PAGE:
Identification and Fix for the Problem of RPC Commands Not Being Registered on the Servers and/or TO Station

The purpose of this document is to aid in identifying the RPC registration problem, as well as to provide guidance as how to address the problem.

Michele De La Pe\xF1a 11 September 2006

Update 10 November 2010

This problem has not happened for a long time, although we did not do anything particluar to fix it.

Identification

Unfortunately, we do not have a lot of information or documentation with respect to this particular problem. Typically, the problem manifests itself when trying to issue a command from a GUI. The GUI will be active in that the user can click on command buttons, but the commands are not actually issued. From the user standpoint the GUI appears to be frozen (sound familiar?). Since the ECSGUI is used nearly all the time, it is a good way to diagnose this problem. Initially done as a temporary debugging tool that was not removed from the code, the ECSGUI issues to stdout the status from the command handle. When the RPCs are not registered, if you started the GUI manually in a terminal window, you will see

Got the cmdStatus2: INVALIDHANDLE.

If you check SYSLOG (/var/log/messages), you should see

Sep 11 12:24:29 lbtdu20 LBT_ECSGUI: No RPC server found on 10.144.0.105 at port 5001

and/or

Sep 11 12:30:22 lbtdu20 LBT: unknown rpc call for: ECS:ECS:SetNightTimeOperationOn:execute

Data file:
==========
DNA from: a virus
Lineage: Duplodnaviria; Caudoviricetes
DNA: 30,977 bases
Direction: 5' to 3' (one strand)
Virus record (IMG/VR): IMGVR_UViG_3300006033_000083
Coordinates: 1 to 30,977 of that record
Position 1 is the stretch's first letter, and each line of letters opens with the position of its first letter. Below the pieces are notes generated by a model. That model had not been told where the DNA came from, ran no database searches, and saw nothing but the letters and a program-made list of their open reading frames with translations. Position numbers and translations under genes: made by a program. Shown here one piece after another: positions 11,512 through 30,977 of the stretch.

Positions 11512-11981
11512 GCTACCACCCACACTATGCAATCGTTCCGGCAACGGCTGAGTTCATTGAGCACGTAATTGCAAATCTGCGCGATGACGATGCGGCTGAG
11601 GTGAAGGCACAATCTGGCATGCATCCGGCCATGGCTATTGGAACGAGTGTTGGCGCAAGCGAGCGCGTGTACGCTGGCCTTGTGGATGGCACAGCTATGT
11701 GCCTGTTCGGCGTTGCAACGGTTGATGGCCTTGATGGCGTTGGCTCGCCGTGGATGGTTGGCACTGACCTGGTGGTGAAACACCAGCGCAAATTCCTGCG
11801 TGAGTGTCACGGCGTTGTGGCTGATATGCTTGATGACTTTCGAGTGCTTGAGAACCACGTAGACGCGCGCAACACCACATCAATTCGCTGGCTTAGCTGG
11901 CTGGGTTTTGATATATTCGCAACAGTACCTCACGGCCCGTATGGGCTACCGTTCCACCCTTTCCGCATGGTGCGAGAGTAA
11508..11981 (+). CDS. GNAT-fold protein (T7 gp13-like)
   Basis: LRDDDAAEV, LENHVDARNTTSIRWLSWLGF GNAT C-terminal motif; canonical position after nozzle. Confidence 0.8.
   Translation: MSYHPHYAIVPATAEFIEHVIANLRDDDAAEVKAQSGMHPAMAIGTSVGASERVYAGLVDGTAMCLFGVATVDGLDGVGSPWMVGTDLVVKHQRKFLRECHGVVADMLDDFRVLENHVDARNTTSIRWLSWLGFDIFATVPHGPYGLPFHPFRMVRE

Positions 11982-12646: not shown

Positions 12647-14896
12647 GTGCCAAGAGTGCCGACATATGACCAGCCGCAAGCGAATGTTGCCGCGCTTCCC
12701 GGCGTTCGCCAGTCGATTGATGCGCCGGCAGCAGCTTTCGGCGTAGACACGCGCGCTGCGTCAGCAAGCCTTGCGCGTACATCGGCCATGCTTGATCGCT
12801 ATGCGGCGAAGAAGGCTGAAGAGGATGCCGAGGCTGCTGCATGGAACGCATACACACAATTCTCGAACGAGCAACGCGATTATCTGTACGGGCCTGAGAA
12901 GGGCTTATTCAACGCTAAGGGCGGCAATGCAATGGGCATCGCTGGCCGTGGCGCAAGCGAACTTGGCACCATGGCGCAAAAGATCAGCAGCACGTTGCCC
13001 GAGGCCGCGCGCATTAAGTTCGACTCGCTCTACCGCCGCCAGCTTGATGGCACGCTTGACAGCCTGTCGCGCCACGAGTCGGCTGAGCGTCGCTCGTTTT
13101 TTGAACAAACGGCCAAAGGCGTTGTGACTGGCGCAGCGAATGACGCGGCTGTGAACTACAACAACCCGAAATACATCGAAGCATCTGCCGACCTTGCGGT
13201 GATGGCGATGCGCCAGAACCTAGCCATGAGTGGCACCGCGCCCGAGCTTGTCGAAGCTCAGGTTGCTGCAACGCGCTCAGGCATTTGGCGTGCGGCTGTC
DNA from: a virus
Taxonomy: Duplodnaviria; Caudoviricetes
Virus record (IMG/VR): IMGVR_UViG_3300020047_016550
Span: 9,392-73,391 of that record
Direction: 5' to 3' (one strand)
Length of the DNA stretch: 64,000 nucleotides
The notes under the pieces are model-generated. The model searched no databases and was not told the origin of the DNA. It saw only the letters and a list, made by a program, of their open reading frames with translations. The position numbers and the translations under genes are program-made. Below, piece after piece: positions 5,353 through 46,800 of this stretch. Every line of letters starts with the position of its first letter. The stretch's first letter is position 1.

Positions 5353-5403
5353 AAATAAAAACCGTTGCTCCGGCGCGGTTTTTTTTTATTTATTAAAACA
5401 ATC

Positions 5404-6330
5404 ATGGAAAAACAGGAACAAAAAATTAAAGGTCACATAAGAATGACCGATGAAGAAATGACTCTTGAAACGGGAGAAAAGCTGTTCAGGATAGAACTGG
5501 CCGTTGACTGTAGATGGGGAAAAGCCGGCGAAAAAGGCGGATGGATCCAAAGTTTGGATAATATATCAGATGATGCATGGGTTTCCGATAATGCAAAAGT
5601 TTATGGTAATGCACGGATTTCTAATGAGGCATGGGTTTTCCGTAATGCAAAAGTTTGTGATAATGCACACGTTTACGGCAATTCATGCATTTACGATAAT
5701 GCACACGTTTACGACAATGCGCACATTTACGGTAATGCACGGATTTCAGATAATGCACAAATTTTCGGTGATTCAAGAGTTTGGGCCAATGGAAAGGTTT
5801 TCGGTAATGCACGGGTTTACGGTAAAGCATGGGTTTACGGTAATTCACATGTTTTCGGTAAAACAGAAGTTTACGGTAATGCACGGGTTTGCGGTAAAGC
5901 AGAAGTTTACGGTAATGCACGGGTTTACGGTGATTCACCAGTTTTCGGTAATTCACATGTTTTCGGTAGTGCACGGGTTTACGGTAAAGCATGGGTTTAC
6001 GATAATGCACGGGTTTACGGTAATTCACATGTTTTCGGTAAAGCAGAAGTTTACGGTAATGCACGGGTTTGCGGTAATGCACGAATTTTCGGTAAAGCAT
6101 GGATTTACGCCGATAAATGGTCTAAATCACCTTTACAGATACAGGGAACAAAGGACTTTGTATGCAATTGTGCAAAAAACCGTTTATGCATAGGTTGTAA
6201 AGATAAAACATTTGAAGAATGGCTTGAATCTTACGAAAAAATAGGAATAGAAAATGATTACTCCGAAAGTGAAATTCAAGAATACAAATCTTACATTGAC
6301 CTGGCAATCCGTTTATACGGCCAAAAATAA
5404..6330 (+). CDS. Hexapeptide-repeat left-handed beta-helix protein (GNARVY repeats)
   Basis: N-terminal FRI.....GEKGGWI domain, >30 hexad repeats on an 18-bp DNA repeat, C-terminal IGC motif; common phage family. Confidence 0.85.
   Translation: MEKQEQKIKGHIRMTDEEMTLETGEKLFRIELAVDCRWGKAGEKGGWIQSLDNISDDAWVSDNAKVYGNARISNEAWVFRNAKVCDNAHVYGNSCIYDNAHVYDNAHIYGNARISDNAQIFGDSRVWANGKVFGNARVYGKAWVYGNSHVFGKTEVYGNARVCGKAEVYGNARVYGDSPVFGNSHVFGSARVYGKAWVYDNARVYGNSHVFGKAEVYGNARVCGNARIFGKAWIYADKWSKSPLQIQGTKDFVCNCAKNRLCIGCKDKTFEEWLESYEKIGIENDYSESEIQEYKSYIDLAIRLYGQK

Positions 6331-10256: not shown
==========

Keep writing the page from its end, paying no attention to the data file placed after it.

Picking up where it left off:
In this example, ECS is running on server 105.

The problem seems to be that when the network server was originally started on the server/TO Station, the RPC server was not able to register with the host. When the network server first starts up on a machine, you see something like the following in the SYSLOG

Sep 11 12:35:36 lbtdu20 LBT_Networkserver: adding rule for TEL to only run on lbtmu102
Sep 11 12:35:36 lbtdu20 LBT_Networkserver: Starting
Sep 11 12:35:36 lbtdu20 LBT_Networkserver: starting rpcserver on 10.144.0.105

However, if there are problems in the initialization stage of the RPC server, you may instead see a message in the SYSLOG regarding RPCs not being able to register. (Sorry I do not have an exact example.) Presumably, if you type

$ rpcconfig -l

on the server having problems, you will NOT see the seventeen registered functions per subsystem and the associated registered aliases. Under good conditions, for the ECS subsystem you would see

ADDRESS         #FUNCTIONS      #ALIASES
----------      ----------      ---------
10.144.0.105       17              1154

We know when the network server starts up, there is significant load on the servers and/or network. If network servers are started on all of the TCS servers and the TO Station in rapid sequence, the load or ??? seems to interfere with proper functioning of the RPC server in particular. The bottom line is the RPC server is not properly set up on the particular TCS machine. This problem will be lurking quietly until a subsystem running on the server attempts to issue commands.

Fix

It may be adequate to stop and then restart the RPC server on the TCS servers having difficulty. You will also have to stop the subsystems on the various problem TCS servers, and then restart the subsystems when the TCS servers are fixed.

On each problem TCS Server...
$ rpcconfig stop
$ rpcconfig start 10.144.0.nnn
where nnn is the server number (i.e., 105 for lbtmu105)

From the TO Station...
$ netconfig stop all

Once all of the subsystems (or just selected subsystems) have been stopped, you can restart each subsystem via the buttons on the TO Station.

-- MicheleDeLaPena - 11 Sep 2006
Topic revision: r4 - 10 Nov 2010, ChrisBiddick
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